It died quite some time ago, with the advent of Myspace and shortly afterwards Facebook. Blogs turned to bulletins turned to notes, each time losing more and more writers. What was the last meaningful thing you read in a Myspace bulletin? How many Facebook notes do you read in a week? And every so often I'll remember that it all started with Livejournal for me, and I'll come back here and look at my friends page to determine who still uses, and that number has dwindled down to only a handful of people that I can count on one hand. And it occurs to me, that the only people still writing on Livejournal are the people that have to, the ones that really have things to say. They might not be things to read, but they have something inside of them that they need to get out. I'm one of those people, and I always have been, but I've tried denying it for longer than I can remember. I hate the pretentious nature of blogging, as if by putting your life in a journal and exhibitting it to the world you're saying "Look at me, this is the world and I'm it's star!" I avoided that through all sorts of measures. I stopped using Livejournal, and when Myspace took over I limited my blogging, and when Facebook took over I refused to write personal notes. Now I've got nothing, nothing except that persistent desire to express my thoughts before they flood my brain to the point of inability. I have to write, but I denied myself all the outlets where I could write. Until I realized that Livejournal wasn't just an exhibit of emotion where young people contested who was deeper. Myspace and Facebook are, yes, and at a time Livejournal was too, but it's dwindled and suffered so much that the only people still here are those that absolutely require it. People like me.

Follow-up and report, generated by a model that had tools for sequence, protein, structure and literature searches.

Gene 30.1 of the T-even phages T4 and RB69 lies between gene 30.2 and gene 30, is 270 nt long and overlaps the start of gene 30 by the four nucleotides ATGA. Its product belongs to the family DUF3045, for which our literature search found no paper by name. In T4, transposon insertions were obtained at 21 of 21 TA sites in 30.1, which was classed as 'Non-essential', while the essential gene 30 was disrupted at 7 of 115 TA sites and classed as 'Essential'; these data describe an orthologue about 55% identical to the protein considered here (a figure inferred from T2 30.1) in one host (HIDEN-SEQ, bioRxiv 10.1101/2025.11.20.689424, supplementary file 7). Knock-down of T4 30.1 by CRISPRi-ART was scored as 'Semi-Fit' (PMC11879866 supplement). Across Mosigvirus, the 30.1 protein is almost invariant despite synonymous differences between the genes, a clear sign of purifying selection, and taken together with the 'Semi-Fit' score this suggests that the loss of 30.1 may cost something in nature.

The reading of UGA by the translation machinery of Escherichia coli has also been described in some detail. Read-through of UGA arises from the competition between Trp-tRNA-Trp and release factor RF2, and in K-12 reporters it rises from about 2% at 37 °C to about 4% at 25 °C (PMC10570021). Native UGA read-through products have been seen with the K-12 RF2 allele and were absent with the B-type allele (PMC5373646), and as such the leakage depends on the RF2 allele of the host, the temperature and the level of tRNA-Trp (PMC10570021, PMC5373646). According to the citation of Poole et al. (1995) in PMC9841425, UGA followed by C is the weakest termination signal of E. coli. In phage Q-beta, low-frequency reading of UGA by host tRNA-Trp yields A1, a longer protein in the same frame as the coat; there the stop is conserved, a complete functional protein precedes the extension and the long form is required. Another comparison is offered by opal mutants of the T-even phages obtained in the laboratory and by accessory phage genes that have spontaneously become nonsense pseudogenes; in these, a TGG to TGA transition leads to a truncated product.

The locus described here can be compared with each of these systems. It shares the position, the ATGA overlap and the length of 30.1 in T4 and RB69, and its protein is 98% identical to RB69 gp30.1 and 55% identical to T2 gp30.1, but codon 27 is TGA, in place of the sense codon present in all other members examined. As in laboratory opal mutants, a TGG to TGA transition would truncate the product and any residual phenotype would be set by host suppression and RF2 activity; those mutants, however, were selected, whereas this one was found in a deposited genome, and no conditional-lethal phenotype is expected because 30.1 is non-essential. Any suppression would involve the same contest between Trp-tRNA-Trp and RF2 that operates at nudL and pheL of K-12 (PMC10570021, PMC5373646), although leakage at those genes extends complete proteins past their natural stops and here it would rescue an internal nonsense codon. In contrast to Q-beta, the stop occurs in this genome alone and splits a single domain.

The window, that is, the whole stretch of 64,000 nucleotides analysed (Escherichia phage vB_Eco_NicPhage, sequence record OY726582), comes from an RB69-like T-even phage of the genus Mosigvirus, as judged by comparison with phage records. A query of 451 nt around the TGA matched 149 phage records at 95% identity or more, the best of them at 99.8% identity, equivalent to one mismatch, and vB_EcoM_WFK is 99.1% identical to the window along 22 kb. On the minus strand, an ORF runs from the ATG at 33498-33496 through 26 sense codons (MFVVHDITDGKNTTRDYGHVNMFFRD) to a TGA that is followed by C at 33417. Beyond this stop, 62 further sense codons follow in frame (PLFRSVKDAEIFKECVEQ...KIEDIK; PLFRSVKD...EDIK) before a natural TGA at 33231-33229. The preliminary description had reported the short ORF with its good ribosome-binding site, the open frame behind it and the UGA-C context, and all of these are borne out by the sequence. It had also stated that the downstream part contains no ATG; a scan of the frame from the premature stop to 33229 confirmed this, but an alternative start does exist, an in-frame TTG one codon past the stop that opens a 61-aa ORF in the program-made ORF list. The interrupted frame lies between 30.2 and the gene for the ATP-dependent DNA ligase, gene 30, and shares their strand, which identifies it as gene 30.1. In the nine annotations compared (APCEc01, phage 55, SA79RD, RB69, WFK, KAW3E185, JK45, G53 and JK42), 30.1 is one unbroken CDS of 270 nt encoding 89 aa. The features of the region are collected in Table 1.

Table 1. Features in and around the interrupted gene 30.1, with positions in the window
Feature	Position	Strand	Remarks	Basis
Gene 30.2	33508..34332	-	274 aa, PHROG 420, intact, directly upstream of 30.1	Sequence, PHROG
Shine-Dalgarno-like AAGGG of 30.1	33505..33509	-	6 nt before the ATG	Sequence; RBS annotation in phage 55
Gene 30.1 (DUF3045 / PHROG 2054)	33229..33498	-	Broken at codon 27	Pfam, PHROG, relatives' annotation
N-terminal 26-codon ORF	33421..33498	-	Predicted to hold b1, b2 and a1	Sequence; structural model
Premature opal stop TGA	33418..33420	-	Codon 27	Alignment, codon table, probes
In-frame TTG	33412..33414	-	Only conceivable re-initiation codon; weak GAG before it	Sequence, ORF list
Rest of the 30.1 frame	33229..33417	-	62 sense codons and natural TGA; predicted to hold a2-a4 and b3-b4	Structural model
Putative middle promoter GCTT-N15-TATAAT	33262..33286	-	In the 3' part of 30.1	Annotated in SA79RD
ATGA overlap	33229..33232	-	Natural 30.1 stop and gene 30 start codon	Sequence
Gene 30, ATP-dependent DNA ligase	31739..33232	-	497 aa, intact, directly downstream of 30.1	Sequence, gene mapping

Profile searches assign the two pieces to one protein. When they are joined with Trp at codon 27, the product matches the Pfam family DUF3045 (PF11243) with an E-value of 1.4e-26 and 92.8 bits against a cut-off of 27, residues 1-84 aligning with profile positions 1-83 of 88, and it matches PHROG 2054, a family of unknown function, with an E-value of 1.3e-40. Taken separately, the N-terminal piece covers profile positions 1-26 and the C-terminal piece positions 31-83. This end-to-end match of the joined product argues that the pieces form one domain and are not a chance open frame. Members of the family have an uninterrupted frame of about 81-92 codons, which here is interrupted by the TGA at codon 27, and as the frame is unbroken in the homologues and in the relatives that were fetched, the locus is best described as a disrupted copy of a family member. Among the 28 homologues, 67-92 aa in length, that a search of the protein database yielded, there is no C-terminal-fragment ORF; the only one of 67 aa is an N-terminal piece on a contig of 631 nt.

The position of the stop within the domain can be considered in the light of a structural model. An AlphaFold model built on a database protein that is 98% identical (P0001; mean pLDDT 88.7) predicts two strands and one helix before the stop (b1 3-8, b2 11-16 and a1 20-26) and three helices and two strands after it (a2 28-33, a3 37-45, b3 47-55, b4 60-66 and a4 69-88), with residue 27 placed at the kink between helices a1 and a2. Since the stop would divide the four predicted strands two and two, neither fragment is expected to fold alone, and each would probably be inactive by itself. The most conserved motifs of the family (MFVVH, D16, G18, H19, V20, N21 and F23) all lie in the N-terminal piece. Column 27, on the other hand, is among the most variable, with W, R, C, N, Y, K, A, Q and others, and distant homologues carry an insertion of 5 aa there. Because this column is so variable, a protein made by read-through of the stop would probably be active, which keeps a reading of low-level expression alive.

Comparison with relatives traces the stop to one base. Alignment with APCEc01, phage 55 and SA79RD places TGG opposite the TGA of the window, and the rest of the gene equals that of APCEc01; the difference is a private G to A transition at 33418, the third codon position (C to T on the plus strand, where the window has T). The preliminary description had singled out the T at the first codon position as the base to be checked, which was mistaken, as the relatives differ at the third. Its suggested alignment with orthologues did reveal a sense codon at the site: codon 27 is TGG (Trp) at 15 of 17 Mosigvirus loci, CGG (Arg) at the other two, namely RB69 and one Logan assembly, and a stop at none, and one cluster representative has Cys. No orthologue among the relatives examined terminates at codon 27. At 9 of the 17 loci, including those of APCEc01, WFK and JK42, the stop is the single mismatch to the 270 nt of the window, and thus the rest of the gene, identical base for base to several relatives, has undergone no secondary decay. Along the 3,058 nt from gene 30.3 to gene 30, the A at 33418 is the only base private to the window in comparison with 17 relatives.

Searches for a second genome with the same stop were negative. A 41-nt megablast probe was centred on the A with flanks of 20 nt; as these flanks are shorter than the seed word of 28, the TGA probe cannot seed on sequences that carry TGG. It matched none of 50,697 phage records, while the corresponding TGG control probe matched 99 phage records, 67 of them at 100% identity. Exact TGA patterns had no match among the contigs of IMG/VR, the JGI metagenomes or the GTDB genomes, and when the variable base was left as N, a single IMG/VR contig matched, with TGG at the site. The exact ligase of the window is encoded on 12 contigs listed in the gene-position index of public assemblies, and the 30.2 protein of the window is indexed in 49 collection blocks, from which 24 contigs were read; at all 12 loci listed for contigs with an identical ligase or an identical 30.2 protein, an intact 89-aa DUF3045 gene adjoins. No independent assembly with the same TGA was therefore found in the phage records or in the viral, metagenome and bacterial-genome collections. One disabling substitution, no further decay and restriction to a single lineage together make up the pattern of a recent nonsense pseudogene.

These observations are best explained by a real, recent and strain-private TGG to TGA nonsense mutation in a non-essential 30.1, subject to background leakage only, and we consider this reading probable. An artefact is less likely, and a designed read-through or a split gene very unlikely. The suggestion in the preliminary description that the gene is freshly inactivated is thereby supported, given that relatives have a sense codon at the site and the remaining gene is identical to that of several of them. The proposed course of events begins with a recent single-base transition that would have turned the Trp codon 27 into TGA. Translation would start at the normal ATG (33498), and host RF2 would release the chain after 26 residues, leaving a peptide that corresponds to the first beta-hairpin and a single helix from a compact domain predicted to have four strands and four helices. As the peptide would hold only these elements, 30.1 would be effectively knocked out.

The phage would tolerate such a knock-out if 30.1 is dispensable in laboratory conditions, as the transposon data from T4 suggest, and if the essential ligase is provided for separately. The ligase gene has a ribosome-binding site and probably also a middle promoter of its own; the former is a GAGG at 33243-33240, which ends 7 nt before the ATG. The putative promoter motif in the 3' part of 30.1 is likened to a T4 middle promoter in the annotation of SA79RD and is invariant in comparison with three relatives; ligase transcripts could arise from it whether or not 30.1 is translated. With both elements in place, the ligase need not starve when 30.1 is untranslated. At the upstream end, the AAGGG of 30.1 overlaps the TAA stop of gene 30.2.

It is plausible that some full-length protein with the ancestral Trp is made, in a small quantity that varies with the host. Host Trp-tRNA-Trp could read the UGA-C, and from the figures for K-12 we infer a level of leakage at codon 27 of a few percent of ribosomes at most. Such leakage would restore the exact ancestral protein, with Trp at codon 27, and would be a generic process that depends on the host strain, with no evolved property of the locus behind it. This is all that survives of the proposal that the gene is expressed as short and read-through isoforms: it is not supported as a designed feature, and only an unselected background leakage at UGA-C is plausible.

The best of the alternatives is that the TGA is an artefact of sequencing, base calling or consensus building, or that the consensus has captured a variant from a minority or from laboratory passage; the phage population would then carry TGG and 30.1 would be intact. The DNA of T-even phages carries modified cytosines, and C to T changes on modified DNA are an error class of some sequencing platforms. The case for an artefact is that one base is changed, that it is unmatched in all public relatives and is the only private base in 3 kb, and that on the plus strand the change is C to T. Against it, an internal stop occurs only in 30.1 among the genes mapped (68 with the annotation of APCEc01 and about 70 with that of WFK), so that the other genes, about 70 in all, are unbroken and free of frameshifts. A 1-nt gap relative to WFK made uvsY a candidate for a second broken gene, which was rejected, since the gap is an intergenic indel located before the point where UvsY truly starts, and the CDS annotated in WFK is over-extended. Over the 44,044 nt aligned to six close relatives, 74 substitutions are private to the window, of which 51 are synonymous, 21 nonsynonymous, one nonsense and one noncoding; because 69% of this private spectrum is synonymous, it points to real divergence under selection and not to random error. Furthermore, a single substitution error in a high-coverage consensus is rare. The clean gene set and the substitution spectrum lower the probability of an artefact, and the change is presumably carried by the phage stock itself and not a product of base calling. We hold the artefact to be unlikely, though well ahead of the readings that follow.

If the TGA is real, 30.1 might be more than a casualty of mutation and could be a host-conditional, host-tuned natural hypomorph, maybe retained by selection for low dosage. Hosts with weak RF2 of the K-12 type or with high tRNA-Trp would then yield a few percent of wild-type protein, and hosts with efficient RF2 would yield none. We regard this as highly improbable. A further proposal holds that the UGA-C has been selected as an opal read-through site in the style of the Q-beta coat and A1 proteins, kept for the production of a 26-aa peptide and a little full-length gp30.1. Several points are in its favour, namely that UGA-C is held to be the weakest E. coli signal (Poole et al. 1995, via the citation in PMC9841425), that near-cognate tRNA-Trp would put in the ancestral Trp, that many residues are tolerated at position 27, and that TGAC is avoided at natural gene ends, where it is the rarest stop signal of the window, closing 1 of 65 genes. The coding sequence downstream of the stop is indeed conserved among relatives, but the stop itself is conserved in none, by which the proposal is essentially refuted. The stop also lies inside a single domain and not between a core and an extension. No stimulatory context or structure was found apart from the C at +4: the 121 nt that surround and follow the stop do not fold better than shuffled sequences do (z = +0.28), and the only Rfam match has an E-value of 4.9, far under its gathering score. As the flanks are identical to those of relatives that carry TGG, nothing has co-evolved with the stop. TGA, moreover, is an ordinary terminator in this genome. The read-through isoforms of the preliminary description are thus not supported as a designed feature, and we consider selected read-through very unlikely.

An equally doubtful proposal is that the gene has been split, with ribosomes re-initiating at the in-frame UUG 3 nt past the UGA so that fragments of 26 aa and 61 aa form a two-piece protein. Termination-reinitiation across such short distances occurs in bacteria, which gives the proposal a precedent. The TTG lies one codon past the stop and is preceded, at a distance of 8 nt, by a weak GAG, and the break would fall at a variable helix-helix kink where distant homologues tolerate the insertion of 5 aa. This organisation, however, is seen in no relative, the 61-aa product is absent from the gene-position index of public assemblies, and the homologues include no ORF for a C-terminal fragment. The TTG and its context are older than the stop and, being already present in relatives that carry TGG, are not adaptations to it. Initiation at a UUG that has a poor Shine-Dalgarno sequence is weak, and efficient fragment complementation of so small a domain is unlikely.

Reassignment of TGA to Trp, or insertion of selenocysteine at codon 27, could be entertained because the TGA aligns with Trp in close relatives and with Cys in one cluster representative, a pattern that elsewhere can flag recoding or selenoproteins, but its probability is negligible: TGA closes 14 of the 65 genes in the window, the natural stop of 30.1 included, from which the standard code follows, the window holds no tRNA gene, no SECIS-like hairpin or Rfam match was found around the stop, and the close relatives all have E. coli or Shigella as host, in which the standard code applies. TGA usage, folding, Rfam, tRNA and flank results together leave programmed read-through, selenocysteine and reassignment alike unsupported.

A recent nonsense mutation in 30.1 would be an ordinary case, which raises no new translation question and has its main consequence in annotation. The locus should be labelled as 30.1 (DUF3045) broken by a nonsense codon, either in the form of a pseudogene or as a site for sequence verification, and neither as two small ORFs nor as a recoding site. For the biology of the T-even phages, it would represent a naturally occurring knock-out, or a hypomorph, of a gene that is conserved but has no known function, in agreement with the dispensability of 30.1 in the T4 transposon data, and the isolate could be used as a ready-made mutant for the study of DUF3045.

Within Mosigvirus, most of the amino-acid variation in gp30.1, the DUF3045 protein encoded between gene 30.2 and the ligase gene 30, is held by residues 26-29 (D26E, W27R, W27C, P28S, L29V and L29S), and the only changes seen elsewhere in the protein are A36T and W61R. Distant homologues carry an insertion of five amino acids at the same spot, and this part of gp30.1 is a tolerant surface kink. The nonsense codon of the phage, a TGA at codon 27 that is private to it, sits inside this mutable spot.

And with that, I announce my intentions to return to Livejournal. Whether it'll last, who can say, but so long as I live and breathe I'll have things that I need to write, and no longer will I deny myself that ability out of fear of perception. And to kick off my return to Livejournal, I'll share two passages from Susanna Kaysen's The Camera My Mother Gave Me
Why I Am Opposed to Antidepressants
Because I think depression has something to tell me
Because often depression is an appropriate reaction.
Because I am terrified of changing the functioning of my brain in any way.
Because I believe that depression is "me," and that without it I would not be "me."
Because I can't imagine my life without the time off I get from periodic depression.
These are the typical idiotic reasons people give for not wanting to feel better. So in this respect, I am quite normal.
Don't separate the mind from the body. Don't separate even character--you can't. Our unit of existence is a body, a physical, tangible, sensate entity with perceptions and reactions that express it and form it simultaneously.
Disease is one of our languages. Doctors understand what disease has to say about itself. It's up to the person with the disease to understand what the disease has to say to her.
My vagina keeps trying to get my attention. It has something important to say to me. I'm listening.
I'm still listening.